Mike Trivisonno is a radio personality in Cleveland. He owns afternoon drive.
A few years back I did a satirical piece for a local paper on WTAM – the station he’s on. In it, I made mention of someone (not Trivisonno) fabricating an interview with a national political candidate. The actual interview was real but done in another market with different host and edited to create the semblance that it was done locally. He was outed by a sloppy edit.
I ended the commentary noting that WTAM’s signal reached 38 states and lamented that Trivisonno’s show offered an embarrassing image of Cleveland to its out-of-town listeners.
It was supposed to be a joke but he took it personally and lambasted me on the air.
Since then, he’s continued to slam me for my occasional disparaging remarks about his employer in this blog and in interviews.
By now you know from my shameless mentions that I have a book titled The Buzzard. It’s my memoir about working with a championship team. If you haven’t read it yet and you’re a fan of radio or marketing and motivation, I think you’ll like it. Did I mention that it’s in its second printing?
To promote the book I relied on traditional (old) media – radio, television, and print to get the word out - with interviews and promotions timed to maximize appearances and book signings. I couldn’t have done it without them.
I’m not saying new media was secondary. It wasn’t. My most successful appearances had traditional media connected to new media. When I was on a radio or TV station that archived the interview or when a newspaper or magazine article was also on-line – often with additional material, the adjacent appearances were the best attended.
There should be a sign in every traditional media organization that reads collaborate or die.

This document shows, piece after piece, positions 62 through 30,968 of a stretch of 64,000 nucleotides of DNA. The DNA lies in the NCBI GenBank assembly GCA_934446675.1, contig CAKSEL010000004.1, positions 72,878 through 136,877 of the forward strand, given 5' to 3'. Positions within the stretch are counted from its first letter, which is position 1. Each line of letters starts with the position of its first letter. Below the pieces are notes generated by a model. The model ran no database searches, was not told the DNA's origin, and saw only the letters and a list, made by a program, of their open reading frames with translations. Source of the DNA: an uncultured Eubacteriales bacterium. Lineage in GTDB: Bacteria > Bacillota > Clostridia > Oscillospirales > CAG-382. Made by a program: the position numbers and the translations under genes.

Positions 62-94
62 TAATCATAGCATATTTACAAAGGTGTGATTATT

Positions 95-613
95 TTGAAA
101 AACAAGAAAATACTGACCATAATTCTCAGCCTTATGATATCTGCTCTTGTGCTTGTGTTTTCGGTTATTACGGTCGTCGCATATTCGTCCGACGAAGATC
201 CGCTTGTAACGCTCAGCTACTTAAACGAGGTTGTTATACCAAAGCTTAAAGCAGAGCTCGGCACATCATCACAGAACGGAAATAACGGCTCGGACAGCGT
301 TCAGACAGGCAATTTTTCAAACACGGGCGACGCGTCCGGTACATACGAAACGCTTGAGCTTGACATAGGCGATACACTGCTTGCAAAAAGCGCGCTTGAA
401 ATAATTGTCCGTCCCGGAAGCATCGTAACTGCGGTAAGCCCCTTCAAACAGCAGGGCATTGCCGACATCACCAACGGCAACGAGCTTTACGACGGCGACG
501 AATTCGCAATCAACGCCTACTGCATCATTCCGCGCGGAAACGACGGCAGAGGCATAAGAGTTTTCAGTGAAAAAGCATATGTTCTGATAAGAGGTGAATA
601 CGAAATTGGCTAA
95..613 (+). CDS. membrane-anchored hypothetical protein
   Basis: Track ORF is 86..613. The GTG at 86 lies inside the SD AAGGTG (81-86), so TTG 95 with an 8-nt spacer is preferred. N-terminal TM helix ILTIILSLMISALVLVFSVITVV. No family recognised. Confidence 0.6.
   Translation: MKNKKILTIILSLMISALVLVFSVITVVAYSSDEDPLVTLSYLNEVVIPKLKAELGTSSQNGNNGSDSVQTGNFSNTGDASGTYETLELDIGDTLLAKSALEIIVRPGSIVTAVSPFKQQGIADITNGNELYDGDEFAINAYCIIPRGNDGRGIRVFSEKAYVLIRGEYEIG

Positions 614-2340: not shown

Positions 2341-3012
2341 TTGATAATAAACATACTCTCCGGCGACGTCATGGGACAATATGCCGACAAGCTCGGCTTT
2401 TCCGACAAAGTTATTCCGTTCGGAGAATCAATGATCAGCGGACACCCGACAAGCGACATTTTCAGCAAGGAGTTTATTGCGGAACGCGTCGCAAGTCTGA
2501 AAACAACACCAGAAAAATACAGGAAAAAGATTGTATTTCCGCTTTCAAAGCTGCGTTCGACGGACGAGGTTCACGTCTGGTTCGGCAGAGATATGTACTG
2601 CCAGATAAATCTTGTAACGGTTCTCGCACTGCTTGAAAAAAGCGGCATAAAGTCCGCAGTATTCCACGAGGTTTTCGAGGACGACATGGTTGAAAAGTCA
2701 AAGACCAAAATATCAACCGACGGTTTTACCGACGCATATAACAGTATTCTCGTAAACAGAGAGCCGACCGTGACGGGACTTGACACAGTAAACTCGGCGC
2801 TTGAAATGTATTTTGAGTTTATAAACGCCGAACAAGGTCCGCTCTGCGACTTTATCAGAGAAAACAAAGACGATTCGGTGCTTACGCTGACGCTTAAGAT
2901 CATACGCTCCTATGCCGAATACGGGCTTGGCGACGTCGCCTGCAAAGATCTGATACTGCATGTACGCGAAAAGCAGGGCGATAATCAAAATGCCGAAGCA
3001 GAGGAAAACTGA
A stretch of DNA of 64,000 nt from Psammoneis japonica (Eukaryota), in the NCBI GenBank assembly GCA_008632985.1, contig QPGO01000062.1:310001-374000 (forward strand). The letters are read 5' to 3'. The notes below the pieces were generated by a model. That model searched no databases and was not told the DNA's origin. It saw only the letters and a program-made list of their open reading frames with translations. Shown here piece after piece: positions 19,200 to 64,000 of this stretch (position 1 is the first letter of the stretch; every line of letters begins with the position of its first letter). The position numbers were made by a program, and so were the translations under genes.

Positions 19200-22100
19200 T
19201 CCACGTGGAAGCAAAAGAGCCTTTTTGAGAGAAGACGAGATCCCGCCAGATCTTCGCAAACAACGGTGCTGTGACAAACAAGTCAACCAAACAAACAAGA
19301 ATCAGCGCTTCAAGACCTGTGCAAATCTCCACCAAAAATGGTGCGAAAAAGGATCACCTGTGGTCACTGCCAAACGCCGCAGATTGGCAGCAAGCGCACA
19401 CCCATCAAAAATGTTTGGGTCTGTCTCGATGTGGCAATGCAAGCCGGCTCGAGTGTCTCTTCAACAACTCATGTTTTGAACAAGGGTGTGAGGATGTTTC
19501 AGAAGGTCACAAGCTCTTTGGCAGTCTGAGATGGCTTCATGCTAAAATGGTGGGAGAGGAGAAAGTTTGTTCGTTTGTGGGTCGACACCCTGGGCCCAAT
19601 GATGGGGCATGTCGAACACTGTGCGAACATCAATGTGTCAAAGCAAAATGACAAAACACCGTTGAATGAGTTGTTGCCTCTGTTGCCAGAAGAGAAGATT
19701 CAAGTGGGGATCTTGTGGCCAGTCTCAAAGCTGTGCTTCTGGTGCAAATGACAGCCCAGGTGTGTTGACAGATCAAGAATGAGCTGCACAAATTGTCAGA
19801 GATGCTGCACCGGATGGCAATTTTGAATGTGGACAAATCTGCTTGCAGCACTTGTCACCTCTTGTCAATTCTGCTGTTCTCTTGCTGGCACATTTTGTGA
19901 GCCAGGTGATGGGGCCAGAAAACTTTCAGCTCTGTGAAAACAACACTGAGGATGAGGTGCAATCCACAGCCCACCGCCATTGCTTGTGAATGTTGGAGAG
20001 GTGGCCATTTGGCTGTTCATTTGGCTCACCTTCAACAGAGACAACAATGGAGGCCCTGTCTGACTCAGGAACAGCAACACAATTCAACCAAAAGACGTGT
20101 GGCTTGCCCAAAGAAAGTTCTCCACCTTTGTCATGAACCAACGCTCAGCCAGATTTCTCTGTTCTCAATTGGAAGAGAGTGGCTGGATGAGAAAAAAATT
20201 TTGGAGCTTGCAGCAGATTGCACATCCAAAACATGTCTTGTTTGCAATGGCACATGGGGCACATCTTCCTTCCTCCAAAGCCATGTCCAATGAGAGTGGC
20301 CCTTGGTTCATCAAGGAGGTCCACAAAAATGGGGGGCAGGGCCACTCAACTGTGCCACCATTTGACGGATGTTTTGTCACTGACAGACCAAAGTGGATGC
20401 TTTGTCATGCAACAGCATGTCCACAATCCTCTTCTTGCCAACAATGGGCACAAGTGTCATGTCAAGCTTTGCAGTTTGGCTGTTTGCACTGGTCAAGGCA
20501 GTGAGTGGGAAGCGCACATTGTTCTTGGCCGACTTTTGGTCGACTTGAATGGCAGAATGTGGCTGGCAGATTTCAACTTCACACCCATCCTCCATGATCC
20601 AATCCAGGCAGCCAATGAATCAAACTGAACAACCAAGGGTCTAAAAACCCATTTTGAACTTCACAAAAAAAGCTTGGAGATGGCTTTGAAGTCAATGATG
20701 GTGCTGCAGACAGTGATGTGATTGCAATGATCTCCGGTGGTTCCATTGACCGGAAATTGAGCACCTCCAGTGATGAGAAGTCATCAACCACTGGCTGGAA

I received a warm welcome at and was on every Clear Channel station, including WTAM, to promote my book.
When Trivisonno learned of my interviews on WTAM and other Clear Channel stations he called me a hypocrite. His beef: I’m promoting my book on stations owned by a company I’ve slammed on many occasions.
The reality is that I’m most likely one of the best friends to anyone working the front lines at Clear Channel. I miss good, creative radio as much as they do.
Last week, Ed Ferenc, who was news director for WMMS from the mid seventies to the mid nineties, was spotted by Trivisonno while doing business at WTAM and brought him in the studio as an impromptu on-air guest. When you get two radio people in the same room, the topic always turns to what went wrong with the business. Their conclusion was the same as mine - or anyone else that knows how this business should be run.
I often wonder why the hacki di tutti hacki running the joint into the ground from San Antonio are never replaced – and then I realize that they’re not replaced because no one knows what they do. In their opinion, the golden parachute club at Clear Channel is all about having a job, which is good, as opposed to having to actually work, which is bad.
How else do you explain that the solution to their financial problems is always the same – downsize.
They’ve cut the operation to the bone, sucked out the marrow, and actually believe they can sell what’s left of the product.
What other business lets go its best salespeople because they’re too successful? They’re replaced by untrained novices who find every way possible to talk their way out of a sale.
That’s what put the old Cleveland mafia out of business. Those guys loved to talk and talk. The problem was that they talked themselves into the crowbar motel.
The success of my book is proof that radio, television, and newspapers still work. They created a buzz and motivated listeners and readers to come to signings and appearances and, most importantly, to buy books.
Radio can still sell when given the opportunity to be creative.
Few decisions are made in the radio industry that are carefully thought out beyond the present moment.
There’s radio’s real problem. Decisions made from desperation are almost always are certain to fail.
A radio station’s real worth is not the physical plant. It’s people.
Efficiency is not about running a company with fewer bodies. It’s about having the best people and allowing them to utilizing their talents and creativity to the fullest. That’s what the successful dot coms are about. That’s what most radio chains are not.
Whatever happened to mentoring?
Old media will survive only if it marries itself to new media and understands the profitability of the great convergence.
The rules may be changing but the laws of physics remain the same.
Thomas Paine said it back in the 18th Century – Lead, follow or get out of the way.